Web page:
Numerous academic studies have shown that income inequality in the U.S. over the 20th century exhibits a U-shape. After reaching a peak in the 1920s, it fell during the Great Depression and World War II and rebounded mainly in the 1980s and 1990s.1 The rebound has been attributed to various economic factors, such as globalization, immigration, the growth of super-star salaries, and the computer revolution. However, these factors might better be described as the normal outcomes of a growing economy, according to Adam Smith’s idea that the division of labor is limited by the extent of the market. The resurgence of inequality has also been attributed to tax policy, particularly the reduction of top marginal rates on personal income from 94 percent in 1945 to 28 percent in 1988.2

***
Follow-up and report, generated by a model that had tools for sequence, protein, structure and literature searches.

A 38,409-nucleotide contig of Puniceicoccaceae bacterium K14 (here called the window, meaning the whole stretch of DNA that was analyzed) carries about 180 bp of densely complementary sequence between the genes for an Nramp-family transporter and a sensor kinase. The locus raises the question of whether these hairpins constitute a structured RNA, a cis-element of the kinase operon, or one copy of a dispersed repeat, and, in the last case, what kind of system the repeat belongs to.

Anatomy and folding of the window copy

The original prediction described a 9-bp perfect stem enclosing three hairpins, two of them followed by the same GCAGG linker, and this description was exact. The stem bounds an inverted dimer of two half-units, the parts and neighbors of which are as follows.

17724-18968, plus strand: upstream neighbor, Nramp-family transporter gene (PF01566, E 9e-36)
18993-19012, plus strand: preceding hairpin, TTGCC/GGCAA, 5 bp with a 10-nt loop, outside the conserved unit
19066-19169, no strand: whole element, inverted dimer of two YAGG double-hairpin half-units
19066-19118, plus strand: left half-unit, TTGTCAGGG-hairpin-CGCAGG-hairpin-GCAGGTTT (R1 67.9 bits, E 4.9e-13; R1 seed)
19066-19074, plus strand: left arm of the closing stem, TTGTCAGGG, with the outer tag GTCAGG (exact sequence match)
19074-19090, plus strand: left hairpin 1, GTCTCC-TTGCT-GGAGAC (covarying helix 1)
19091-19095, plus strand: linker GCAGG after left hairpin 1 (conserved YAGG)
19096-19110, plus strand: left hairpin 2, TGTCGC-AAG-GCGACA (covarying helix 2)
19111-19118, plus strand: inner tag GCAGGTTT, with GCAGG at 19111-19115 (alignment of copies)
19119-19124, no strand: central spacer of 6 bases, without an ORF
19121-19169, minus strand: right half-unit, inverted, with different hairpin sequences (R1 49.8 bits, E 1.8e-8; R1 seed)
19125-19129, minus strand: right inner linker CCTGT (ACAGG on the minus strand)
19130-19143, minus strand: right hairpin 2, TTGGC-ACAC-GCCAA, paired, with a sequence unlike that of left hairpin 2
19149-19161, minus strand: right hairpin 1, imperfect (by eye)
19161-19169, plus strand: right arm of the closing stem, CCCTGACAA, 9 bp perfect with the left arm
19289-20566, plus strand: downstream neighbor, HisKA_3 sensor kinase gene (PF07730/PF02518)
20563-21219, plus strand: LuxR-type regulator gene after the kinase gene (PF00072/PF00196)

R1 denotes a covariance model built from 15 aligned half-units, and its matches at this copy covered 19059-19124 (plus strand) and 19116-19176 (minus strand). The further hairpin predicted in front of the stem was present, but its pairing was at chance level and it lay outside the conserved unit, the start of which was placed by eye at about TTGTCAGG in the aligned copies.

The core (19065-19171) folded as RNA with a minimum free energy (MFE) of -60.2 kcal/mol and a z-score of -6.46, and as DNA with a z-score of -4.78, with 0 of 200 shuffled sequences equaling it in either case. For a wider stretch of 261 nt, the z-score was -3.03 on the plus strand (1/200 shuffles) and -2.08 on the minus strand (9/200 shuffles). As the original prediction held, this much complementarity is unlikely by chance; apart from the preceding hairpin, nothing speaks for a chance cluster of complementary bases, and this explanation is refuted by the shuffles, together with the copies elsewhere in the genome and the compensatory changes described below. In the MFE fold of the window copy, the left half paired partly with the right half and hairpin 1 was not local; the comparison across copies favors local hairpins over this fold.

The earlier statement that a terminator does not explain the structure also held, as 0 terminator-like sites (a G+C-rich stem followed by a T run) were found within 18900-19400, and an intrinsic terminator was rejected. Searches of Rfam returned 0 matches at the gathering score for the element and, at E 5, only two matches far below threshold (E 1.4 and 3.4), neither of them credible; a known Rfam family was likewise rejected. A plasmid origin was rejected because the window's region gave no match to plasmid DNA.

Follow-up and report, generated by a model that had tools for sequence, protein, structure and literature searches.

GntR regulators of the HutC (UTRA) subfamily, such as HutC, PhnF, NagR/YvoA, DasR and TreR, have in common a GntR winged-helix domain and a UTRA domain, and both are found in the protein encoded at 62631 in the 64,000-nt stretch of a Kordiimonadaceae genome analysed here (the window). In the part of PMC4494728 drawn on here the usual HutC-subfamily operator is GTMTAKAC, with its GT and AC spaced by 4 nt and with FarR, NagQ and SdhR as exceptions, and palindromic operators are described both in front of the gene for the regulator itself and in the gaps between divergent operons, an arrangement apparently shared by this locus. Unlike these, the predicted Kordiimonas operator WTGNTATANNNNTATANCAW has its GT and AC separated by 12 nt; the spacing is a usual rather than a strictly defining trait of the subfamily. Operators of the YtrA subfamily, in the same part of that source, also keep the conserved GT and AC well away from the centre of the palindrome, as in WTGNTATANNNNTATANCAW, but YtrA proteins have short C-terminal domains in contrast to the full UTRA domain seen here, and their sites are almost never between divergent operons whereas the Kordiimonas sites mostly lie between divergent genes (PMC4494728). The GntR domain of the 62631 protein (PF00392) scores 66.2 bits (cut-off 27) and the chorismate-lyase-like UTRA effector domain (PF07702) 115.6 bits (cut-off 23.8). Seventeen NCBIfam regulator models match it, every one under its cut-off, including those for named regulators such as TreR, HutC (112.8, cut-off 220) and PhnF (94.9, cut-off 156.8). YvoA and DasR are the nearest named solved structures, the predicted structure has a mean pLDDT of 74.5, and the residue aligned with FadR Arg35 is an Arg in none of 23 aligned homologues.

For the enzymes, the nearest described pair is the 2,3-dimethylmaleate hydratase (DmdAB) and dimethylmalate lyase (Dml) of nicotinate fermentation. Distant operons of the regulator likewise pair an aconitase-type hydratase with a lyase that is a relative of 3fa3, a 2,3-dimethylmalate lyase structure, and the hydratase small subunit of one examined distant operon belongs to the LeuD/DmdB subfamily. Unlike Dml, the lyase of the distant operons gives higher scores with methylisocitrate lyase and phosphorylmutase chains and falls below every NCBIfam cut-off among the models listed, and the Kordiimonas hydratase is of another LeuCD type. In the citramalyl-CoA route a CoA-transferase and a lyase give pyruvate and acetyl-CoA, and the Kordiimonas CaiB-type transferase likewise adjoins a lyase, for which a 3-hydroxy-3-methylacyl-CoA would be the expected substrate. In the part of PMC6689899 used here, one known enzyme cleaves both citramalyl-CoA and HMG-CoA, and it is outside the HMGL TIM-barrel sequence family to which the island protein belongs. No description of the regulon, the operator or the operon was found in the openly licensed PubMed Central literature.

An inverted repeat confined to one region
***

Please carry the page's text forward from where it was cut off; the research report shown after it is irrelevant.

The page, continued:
The first decade of the 21st century does not exhibit the same trend. Based on the most recent IRS data, from 2009, income inequality has fluctuated considerably since 2000 but is now at about the level it was in 1997. Thus, the Bush-era tax cuts (which had provisions benefitting both high- and low-income taxpayers) did not lead to increased income inequality. By contrast, inequality rose 12 percent between 1993 and 2000, following two tax rate increases on high-income earners. Thus, changes in inequality over the last two decades appear to be driven more by the business cycle than by tax policy.